I've just come back from a Bharathanatyam performance . Nothing remarkable really about that - except that it was by two youngish girls who are married and mothers to school going children and belong to an extremely conservative community. As people said, kudos to their families to let them learn after marriage and travel to Coonoor for 4 years to do that.
I hadnt taken my camera or I could have posted a pic of these two pretty young girls; which is half the battle it seems in Bharanatyam. The looks, the jewellery, the technical perfection, the strong voice of the singer , the smiles on their faces (even if they are called rictus grins it is nice to look at a smiling face) all made it a wonderful performance. Their guru being from Kalakshetra the dance was so good to watch - not the filmy kind at all.
I then realized it has been years since Ive seen a live performance - it seems such a treat so why doesn't it happen more often? One is Ooty is rather a cultural desert - and the second, i dont make an effort to go in other towns .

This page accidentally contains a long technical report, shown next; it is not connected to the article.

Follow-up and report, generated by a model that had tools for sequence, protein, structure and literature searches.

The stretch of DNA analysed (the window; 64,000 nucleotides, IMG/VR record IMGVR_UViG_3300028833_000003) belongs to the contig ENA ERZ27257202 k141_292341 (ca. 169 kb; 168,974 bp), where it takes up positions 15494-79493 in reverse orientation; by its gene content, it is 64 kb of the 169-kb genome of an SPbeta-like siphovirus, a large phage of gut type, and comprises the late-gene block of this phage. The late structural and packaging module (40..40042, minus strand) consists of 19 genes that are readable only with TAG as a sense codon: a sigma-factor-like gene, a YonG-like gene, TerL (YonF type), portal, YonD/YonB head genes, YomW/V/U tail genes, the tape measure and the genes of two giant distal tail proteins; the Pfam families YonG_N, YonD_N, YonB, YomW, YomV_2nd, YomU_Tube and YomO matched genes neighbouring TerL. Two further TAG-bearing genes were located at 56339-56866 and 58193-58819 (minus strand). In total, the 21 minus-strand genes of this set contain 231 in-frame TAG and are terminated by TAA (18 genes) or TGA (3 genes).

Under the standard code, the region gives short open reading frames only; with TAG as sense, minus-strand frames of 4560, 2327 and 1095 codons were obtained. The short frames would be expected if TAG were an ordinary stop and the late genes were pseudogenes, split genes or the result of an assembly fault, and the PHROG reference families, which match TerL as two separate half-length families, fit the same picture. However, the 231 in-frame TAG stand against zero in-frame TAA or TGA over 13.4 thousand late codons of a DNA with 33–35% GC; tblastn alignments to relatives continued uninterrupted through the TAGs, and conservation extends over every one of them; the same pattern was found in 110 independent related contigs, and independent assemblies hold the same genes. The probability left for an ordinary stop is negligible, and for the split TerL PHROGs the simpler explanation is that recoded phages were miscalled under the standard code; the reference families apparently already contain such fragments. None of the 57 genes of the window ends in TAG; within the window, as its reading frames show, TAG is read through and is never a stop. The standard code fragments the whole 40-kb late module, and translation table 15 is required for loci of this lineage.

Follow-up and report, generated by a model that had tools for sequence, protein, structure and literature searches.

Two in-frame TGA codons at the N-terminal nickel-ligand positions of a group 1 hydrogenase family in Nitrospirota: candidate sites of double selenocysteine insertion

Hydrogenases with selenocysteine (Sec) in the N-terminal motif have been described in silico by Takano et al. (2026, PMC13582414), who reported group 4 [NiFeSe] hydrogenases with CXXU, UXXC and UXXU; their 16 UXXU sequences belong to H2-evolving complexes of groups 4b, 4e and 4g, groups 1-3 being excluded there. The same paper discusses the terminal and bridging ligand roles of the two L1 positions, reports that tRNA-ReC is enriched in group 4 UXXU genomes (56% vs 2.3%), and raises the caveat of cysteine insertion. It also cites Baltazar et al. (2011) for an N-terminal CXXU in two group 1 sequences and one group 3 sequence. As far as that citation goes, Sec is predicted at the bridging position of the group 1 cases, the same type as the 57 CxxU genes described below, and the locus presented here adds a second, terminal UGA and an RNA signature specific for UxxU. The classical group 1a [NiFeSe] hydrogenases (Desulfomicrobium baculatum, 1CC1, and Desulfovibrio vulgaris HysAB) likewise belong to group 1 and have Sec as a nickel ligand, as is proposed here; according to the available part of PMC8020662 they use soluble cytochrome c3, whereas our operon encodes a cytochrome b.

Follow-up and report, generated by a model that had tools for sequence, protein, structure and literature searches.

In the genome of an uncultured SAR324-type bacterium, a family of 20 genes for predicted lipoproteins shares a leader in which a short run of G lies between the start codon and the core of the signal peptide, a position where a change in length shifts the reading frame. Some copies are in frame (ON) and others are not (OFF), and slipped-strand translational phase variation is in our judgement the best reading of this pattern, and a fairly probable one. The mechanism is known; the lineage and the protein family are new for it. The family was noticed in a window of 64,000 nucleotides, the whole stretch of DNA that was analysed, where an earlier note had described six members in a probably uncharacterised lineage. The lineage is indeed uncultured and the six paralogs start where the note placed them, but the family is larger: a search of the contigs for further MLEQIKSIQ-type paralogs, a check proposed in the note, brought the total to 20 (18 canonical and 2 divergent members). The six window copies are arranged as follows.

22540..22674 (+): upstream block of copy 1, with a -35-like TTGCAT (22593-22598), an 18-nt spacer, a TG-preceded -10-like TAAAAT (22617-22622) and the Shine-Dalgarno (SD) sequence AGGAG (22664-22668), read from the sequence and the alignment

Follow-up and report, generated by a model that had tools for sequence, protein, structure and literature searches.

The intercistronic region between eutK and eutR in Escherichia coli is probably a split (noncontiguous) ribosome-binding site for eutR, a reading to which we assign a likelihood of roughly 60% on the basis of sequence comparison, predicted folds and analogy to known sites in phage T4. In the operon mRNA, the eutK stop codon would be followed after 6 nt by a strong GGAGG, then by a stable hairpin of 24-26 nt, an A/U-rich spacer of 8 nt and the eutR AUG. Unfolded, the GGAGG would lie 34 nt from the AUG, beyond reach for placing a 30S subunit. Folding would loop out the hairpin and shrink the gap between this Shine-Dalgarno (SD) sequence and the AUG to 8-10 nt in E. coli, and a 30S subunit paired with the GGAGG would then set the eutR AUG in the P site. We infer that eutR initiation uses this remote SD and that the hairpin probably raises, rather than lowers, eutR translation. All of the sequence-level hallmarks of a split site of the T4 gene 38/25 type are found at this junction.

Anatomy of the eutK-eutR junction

This evening just happened. My friend called about this performance. I didnt know the family at all but what the heck, all performers need as big an audience as they can get. And after two weeks of being mostly housebound I needed a break. And it was wonderful meeting friends and enjoying what Ms.Geetha Srinvisan termed 'a technically excellent performance'. She was moved to talk about her 'athai 'Rukmini Arundale too. And her regrets over not being allowed to learn this 'devdasi' art form long ago.
I had to feel a bit regretful because I was 'forced' to learn for many many years and never enjoyed it at all. While my elder sister looked forward to the classes, I would go hide when the master appeared and had to be dragged out. Naturally no results.
But I did think happily that a few effects had lingered on when last week a used-car salesman asked me 'Madam are you a Bharathanatyam dancer?" Pleased, I had to say blushingly 'No, no what makes you say so'. Darshini cut short my beams by saying 'Ma, can't you make out he is trying to sell you a lemon'?
Well, I guess we need both - the salesmen to make us temporarily happy and kids to bring us down to earth.
And lovely Bharathanatyam dancers for the occasional high.